Posts Tagged ‘agribusiness’

Photo: Nick Roll via CSM.
Washing in polluted water. Under new laws, “firms wishing to mine or establish industrial agriculture operations must henceforth strike deals with the ordinary Sierra Leoneans who depend on the land for their survival,” says the Monitor.

I don’t know about you, but I always feel hopeful when ordinary people stick up for themselves. The powerful and selfish don’t always have to win. Capitalism has gotten out of hand and now resembles nothing so much as the monarchies of old.

Meanwhile, in Sierra Leone, folks suffering from the excesses of mining giants and agribusiness are not going to take it anymore.

Nick Roll has the story at the Christian Science Monitor.

“Solomon K. Russell walks down a narrow dirt path, surrounded by teak trees that block out the sunlight and cool the afternoon air. He leaps over a column of fat black ants running across the trail, and the forest suddenly, unnaturally, ends. A denuded strip of beige earth stretches over an area the size of several football fields, pockmarked by pits full of wastewater. 

“Machinery belonging to the Afro-Asia Mining Corp., a Chinese firm, rumbles in the distance. The remnant of a stream, polluted and diverted by the industrial operations, idles underneath a small wooden bridge. 

“ ‘This river really sustained the life of the people,’ says Mr. Russell, who remembers, as a boy, jumping off the bridge into the water just a few feet below. Now, it’s barely ankle-deep. …

“Mr. Russell and his fellow villagers had no say in Afro-Asia’s arrival, nor in its operations. The company signed its lease with the local ‘paramount chief’ who was empowered by a century-old colonial law.

“But a sweeping package of land-rights bills, which went into effect in September, is set to change all that, giving local people who own and live off the land the authority to decide how it is used.

“ ‘Those laws will help,’ says Mary Tommy, a farmer living in this 500-strong farming community made up of brightly painted concrete houses and mud brick homes with traditional high-pitched thatch roofs. ‘For us, the destruction has already been caused, but for other areas that have not witnessed this kind of destruction, I think it will be good.’

“Many parts of Sierra Leone have been ravaged by foreign mining firms seeking gold, diamonds, and bauxite, among other minerals, and by palm oil plantations. Such natural resources accounted for over 75% of Sierra Leone’s exports in 2020, reaping around $400 million in income, according to official figures.

“Yet the wealth has been slow to trickle down. The latest figures on poverty in the country, from 2018, showed that 60% of the rural population was living on less than $1.90 a day.

“People say ‘our land is our bank, our land is our future,’ ” says Eleanor Thompson, deputy director of programs at the Freetown office of Namati, a legal advocacy and land-rights organization. …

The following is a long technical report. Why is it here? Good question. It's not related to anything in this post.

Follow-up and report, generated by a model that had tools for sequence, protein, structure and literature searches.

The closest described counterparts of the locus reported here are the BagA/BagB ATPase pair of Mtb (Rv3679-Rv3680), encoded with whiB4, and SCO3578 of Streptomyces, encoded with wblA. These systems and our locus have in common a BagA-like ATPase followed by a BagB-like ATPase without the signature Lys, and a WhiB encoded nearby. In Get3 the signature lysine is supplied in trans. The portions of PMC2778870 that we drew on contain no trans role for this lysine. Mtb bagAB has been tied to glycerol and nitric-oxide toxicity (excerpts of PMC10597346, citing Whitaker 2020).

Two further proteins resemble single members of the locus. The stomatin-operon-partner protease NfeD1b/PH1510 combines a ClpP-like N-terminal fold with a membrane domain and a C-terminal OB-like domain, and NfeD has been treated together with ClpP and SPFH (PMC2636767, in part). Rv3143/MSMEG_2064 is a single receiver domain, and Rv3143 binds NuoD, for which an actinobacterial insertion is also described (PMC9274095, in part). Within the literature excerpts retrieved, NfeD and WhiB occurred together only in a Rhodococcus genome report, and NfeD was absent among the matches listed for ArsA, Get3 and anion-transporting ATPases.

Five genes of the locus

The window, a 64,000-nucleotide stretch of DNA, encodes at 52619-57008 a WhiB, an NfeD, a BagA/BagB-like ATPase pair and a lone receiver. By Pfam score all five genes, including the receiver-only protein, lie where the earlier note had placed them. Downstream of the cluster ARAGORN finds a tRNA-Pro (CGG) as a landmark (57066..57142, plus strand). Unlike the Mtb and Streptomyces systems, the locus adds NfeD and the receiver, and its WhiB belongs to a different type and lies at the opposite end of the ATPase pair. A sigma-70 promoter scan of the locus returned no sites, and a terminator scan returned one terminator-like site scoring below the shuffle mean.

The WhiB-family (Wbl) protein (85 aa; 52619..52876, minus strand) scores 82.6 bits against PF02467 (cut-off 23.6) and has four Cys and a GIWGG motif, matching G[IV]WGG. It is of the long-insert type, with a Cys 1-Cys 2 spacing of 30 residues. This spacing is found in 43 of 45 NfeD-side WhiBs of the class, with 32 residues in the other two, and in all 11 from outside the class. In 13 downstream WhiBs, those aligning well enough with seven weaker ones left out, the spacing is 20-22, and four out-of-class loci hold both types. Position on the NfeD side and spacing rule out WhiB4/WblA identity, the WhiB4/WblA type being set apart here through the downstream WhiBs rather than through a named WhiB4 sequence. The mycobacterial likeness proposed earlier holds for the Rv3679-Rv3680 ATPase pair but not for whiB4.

“Until last month, only local chiefs and the national government could strike land use and leasing deals with foreign investors. The people whose land was taken could do little about it, and often had to accept rents amounting to only $5 an acre.

“Mr. Russell, for example, says his rent is ‘too meager’ to be able to buy from the market the fish he can no longer catch in the village stream.

“But under the new laws, firms wishing to mine or establish industrial agriculture operations must henceforth strike deals with the ordinary Sierra Leoneans who depend on the land for their survival – and who, for the first time, will have the right to negotiate, or reject, their proposals.

“September’s Customary Land Rights Act and the National Land Commission Act transfer the power to make decisions about land to those actually owning or using it. Companies seeking a lease must win the consent of 60% of a family’s male and female adults.

“Where land is communally held, firms must persuade 60% of the adults in the community to agree to a lease. In the newly created land committees that are supposed to help negotiate those leases, made of local community members, 30% of members are to be women.

“The new laws are not popular with foreign investors, many of whom are especially wary of a provision setting aside shares in international projects for Sierra Leoneans.

‘Nobody will invest in Sierra Leone anymore,’ says Gerben Haringsma, country director for the Luxembourg-based palm oil company Socfin. …

“Ms. Thompson, the land rights activist, says the laws might, however, help investors more than they realize. ‘It’s in the investors’ interest to have the consent of people,’ she says. …

“Acts of sabotage and deadly protests against agribusiness and mining companies have erupted in the past.

“ ‘If people had a say in negotiations they would sell their land for a … value that will enrich them and change their lives, maybe,’ says Emmanuel Saffa Abdulai, executive director of the Freetown-based Society for Democratic Initiatives.

“In Largo, villagers say that Afro-Asia promised to build them a health clinic, a school, and paved roads. Four years after mining operations started, none of that has come to pass, and the locals who have found jobs at the mine earn little more than $50 a month.

“Afro-Asia did not respond to a request for comment. But the company’s lease in Largo is in its final year. To keep operating, it will have to renegotiate – this time with the local community under the new laws.”

More at the Monitor, here. No firewall.

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